Does Retirement Improve Health Outcomes of Older Individuals? Comparison Between Retiring and Remaining Employed.

Monday, 11 July 2016: 11:09
Location: Hörsaal BIG 1 (Main Building)
Oral Presentation
Javiera CARTAGENA FARIAS, National Centre for Social Research (NatCen), United Kingdom
Sergio SALIS, NatCen for Social Research, United Kingdom
Does retirement improve health outcomes of older individuals? Comparison between retiring and remaining employed.

The impact of health status on retirement decisions has been widely studied, there has been less attention focussed on researching the effect of retirement on health . Variation in the relationship between retirement and health outcomes and socio-economic group in particular has been under researched and remains a key gap in evidence.

Three international harmonised longitudinal data sets, the English Longitudinal Study of Ageing (ELSA), the Survey of Health, Ageing and Retirement (SHARE) and the Health and Retirement Study (HRS) are used to compare health and wellbeing outcomes of individuals following retirement compared to ‘matched’ individuals who remain employed. Propensity Score Matching (PSM) techniques are used together with the Difference-in-Difference methodology to control for unobservable characteristics of individuals and time fixed effects.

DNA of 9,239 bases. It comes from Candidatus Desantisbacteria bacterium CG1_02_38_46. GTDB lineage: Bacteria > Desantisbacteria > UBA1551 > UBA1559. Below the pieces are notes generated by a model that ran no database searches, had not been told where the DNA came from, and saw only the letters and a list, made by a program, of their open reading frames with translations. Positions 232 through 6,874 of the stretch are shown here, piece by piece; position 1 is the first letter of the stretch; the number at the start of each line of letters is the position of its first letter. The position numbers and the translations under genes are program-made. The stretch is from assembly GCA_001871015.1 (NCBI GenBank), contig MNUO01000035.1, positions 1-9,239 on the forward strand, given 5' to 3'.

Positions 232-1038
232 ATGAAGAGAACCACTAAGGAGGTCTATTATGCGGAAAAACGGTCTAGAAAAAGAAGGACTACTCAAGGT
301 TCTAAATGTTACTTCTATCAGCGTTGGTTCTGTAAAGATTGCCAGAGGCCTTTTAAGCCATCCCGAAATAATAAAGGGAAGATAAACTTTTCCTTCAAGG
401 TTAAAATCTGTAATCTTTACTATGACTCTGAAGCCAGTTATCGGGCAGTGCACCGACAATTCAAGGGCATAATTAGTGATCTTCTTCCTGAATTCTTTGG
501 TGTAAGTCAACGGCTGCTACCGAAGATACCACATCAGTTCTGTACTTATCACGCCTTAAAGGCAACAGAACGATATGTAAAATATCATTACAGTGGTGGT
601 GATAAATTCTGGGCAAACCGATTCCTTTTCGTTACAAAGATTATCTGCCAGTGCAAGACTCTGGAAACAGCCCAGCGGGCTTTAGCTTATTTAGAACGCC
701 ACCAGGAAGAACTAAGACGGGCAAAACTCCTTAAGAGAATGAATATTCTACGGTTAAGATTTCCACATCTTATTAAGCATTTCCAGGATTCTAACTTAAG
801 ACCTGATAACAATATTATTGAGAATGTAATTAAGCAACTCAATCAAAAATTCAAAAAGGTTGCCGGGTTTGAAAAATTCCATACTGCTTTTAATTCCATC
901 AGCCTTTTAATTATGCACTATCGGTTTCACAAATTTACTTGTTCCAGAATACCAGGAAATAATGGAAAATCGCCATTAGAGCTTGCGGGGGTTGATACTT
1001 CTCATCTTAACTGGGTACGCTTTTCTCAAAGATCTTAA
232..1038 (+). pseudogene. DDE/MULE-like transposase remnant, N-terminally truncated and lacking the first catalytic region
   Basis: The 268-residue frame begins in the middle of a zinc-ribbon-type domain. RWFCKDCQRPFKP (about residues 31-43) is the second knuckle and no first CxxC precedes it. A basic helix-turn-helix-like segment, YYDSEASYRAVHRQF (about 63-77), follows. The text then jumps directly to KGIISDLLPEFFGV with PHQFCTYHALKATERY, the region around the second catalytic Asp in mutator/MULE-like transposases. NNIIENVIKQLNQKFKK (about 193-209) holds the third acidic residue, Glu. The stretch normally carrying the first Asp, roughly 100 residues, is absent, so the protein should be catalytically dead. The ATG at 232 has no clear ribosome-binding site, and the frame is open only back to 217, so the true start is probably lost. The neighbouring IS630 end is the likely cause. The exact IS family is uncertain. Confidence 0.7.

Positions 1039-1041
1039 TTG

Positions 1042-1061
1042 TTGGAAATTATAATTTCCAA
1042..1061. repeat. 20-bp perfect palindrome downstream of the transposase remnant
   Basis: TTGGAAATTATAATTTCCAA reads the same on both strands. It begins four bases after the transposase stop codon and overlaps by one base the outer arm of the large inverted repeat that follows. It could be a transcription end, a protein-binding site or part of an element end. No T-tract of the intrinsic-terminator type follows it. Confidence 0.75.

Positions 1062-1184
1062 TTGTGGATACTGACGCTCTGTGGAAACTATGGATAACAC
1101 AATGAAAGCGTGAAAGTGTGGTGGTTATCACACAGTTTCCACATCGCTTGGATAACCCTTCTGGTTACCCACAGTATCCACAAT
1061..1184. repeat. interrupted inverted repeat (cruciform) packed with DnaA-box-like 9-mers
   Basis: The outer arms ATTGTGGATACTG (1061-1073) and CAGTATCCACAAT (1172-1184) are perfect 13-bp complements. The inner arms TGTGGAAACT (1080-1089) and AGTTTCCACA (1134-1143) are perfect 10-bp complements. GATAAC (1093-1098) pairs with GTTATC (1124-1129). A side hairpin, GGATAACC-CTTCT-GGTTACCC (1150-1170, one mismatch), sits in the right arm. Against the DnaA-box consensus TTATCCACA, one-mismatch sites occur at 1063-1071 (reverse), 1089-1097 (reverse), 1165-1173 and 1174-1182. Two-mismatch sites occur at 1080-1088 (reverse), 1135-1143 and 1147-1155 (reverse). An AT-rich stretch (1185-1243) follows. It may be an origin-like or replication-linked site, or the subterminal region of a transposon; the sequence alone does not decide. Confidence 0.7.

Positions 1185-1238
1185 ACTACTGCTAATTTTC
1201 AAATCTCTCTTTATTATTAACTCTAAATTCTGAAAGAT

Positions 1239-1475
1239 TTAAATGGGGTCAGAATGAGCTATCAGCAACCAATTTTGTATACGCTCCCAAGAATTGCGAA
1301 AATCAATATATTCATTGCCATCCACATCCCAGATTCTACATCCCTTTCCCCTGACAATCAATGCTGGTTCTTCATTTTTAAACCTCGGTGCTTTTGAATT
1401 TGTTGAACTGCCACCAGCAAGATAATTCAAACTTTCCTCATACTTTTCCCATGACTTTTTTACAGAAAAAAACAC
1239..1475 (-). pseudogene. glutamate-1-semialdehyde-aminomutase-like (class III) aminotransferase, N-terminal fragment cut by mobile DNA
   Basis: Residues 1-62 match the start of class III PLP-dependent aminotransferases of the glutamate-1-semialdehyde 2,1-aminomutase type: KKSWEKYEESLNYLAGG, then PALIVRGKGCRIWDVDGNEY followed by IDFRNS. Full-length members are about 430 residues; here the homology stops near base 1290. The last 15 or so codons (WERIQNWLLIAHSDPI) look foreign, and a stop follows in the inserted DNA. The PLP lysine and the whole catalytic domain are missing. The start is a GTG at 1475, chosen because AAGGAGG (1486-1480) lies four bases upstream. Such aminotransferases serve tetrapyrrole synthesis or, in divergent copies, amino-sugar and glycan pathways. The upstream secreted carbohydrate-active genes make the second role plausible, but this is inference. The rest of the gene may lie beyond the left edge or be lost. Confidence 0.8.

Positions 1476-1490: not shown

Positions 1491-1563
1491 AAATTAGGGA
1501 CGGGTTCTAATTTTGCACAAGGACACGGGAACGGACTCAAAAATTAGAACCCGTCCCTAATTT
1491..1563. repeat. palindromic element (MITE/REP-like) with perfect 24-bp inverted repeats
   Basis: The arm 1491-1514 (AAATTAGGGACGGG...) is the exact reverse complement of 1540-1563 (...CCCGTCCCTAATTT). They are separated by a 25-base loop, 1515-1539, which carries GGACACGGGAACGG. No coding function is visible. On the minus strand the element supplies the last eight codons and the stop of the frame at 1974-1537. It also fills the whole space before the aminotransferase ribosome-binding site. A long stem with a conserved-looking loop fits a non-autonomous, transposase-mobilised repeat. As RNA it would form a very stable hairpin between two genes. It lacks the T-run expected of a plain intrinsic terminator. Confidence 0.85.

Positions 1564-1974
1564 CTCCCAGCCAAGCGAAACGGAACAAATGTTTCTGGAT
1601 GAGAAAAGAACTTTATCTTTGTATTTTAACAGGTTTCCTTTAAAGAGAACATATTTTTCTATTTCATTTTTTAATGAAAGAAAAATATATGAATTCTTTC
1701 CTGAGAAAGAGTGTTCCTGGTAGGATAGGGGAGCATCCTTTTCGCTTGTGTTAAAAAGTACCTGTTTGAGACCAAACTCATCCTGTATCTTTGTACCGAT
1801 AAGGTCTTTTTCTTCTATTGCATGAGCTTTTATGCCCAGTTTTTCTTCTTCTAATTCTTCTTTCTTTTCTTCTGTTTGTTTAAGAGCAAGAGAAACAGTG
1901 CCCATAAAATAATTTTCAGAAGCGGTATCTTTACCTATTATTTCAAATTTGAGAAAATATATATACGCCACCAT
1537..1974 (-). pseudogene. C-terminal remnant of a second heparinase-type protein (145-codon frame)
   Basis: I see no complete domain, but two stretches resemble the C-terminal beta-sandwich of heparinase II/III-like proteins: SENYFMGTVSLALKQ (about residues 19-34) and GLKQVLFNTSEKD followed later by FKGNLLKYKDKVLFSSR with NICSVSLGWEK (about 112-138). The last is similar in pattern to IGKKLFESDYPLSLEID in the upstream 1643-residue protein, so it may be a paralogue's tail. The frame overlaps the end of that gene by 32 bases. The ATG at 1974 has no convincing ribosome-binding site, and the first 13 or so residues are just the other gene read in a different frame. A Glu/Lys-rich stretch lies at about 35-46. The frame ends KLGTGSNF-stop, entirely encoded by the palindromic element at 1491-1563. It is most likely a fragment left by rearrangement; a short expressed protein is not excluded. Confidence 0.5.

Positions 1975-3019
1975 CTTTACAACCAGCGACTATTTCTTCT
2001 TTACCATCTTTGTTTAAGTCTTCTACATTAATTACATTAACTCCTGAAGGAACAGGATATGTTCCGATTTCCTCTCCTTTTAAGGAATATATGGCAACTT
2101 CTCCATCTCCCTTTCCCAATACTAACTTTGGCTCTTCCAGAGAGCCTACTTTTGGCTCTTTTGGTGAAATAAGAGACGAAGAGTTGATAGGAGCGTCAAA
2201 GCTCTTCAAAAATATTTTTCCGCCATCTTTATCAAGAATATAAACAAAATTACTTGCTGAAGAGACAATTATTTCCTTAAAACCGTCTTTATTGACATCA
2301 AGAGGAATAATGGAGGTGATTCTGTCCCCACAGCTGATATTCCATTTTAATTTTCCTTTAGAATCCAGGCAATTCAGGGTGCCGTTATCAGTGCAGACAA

Results are presented by age group (those up to and those over the State Pension age) and by socio-economic status and type of occupation. In addition, differences between countries are included, understanding not only individual characteristics but also country-level factors, as national pension system or working practices, likely have a simultaneous effect on health and retirement decisions. The findings have implications for policy – the impetus toward extending working lives and delayed retirement evident across the EU, US and beyond, may be associated with quite distinct consequences for different socio-economic groups.